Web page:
So why do I get the feeling that this win will not slake the bloodthirst of Jim Harbaugh’s critics?  I can think of two reasons.  The most obvious is that Michigan scored only 10 lousy points.  At home.  Granted, it was against Iowa, which is always a deceptively tough out, but in the end, scoring only 10 points borders on disturbing.

Keep in mind that Wisconsin is, theoretically, an even stronger defense, yet the Wolverines scored two touchdowns on them in a losing effort on the road.  Should such an abysmal offensive performance persist later in the season, how does one think that Michigan is to fare against, say, Penn State, Michigan State, Notre Dame, or even [shudder] archrival Ohio State?

The reason this win does not assuage concerns about Michigan’s direction was Iowa’s performance.  That the Hawkeyes’ offense kept sputtering when it reached the Wolverines’ 40 yard line is what saved the latter’s bacon.  To be sure, that is also a tribute to the Wolverines’ tough D.  Still, can one count on such defensive shut-downs against even more formidable opponents?  Most likely, not.

Bottom line:  Harbaugh needs to re-shuffle the proverbial deck for his offense, and do so right now.

SMU vs Tulsa

The Golden Hurricane played the Mustangs tough for the entire game, but a last-minute touchdown put SMU ahead of Tulsa for good.  The Mustangs are now undefeated at 6-0 for the first time since 1982 (back when Craig James was still playing for them).  Let that sink in for a moment.

Ohio State vs Michigan State

Speaking of stronger defenses than that of Iowa, Michigan State gave a maximum effort against Ohio State.  Even then, the Buckeyes still won, 34-10.  The Spartans’ aforementioned max effort from their own strong D was all that kept the game from becoming a blowout.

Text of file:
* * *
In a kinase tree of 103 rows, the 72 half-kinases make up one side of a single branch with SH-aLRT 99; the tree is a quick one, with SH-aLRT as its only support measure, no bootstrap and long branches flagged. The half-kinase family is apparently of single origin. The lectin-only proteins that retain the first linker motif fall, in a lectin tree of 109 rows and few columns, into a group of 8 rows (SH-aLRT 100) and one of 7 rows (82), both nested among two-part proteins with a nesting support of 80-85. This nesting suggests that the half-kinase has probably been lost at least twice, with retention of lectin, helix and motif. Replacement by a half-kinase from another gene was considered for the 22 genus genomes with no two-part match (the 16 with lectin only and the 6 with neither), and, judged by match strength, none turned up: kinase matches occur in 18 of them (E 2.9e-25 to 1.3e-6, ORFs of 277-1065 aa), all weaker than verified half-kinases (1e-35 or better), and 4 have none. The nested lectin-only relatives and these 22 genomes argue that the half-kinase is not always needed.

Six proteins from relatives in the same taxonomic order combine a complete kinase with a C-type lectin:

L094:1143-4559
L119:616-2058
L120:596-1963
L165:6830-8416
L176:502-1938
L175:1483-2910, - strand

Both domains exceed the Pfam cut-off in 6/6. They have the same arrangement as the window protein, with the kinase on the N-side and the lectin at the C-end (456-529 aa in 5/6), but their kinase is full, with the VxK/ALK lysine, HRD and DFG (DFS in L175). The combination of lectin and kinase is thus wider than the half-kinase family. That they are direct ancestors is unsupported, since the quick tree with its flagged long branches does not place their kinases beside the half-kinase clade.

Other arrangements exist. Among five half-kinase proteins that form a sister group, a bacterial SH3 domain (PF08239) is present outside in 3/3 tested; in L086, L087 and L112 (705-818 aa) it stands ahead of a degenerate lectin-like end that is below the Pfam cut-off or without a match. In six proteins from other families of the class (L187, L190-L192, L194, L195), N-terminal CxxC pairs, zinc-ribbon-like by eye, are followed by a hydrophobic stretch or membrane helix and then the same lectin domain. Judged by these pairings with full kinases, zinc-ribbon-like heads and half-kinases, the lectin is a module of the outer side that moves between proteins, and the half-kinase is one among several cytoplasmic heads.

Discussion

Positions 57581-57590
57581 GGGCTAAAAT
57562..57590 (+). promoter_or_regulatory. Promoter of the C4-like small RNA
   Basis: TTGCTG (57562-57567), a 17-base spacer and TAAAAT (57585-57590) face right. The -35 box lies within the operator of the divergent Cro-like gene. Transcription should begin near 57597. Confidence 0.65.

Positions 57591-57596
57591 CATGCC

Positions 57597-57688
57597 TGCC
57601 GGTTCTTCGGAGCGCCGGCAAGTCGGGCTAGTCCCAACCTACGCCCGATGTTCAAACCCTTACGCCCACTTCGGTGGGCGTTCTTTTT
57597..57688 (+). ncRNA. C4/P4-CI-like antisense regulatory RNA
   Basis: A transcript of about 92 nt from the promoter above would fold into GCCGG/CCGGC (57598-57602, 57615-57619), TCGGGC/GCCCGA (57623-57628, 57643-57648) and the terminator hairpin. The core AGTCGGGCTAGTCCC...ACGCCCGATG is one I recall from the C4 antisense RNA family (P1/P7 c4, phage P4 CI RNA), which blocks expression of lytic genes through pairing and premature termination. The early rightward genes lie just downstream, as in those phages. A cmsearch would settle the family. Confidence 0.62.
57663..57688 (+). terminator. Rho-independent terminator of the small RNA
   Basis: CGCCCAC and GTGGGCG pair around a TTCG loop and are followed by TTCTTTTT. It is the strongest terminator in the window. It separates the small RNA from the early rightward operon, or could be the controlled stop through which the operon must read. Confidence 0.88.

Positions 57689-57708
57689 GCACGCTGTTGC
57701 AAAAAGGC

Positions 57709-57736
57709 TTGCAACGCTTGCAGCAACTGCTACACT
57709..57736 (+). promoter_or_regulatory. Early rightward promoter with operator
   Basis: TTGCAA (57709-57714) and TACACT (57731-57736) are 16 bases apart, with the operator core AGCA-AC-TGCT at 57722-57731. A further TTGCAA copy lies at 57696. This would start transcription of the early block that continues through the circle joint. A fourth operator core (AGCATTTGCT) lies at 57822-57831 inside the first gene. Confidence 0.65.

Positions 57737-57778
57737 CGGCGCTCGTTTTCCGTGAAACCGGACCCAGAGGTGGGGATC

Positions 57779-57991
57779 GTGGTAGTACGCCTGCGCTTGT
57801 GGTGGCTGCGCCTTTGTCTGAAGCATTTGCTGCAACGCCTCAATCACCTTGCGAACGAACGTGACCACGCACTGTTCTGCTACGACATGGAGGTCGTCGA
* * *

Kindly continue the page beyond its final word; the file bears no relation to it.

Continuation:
Can anyone in the conference take Ohio State?  It certainly does not seem so at this rate.  All that said, Oct. 26 could give us a preview of coming Big Ten Championship attractions when the Buckeyes play Wisconsin at home.  Once again, the Buckeyes are playing like a solid national championship contender.

Florida vs Auburn

Either Auburn is not quite as good as we thought they were (at No. 7), or Florida is better than we thought they were (at No. 10).  Whatever the case may be, if the Gators keep up these strong performances, it shall shape up to be a memorable matchup against Georgia in Jacksonville later this month.

College Football Awards, Week 12 (2018) November 18, 2018

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(Note:  All rankings are current AP [week 12] unless otherwise noted.)

COACHES
Wish I were him: Brian Kelly, Notre Dame

Glad I’m not him: Chad Morris, Arkansas

Lucky guy: Paul Chryst, Wisconsin

Poor guy: Jeff Brohm, Purdue

Desperately seeking a wake-up call: Urban Meyer, Ohio State

Desperately seeking a P.R. man: Frank Solich, Ohio U

Desperately seeking sunglasses and a fake beard:  Jeremy Pruitt, Tennessee

Desperately seeking … anything:  Lovie Smith, Illinois

TEAMS
Thought you’d kick butt, you did: Mississippi State (defeated Arkansas 52-6)

Thought you’d kick butt, you didn’t: Ohio State (defeated Maryland 52-51 in OT)

Thought you’d get your butt kicked, you did: New Mexico (lost to No. 25 Boise State 45-14)

Thought you’d get your butt kicked, you didn’t:  Middle Tennessee (lost to No. 17 Kentucky 34-23)

Thought you wouldn’t kick butt, you did:  Ohio U (defeated Buffalo 52-17)

Dang, they’re good: Alabama

Dang, they’re bad:  Arkansas

Can’t Stand Prosperity:  West Virginia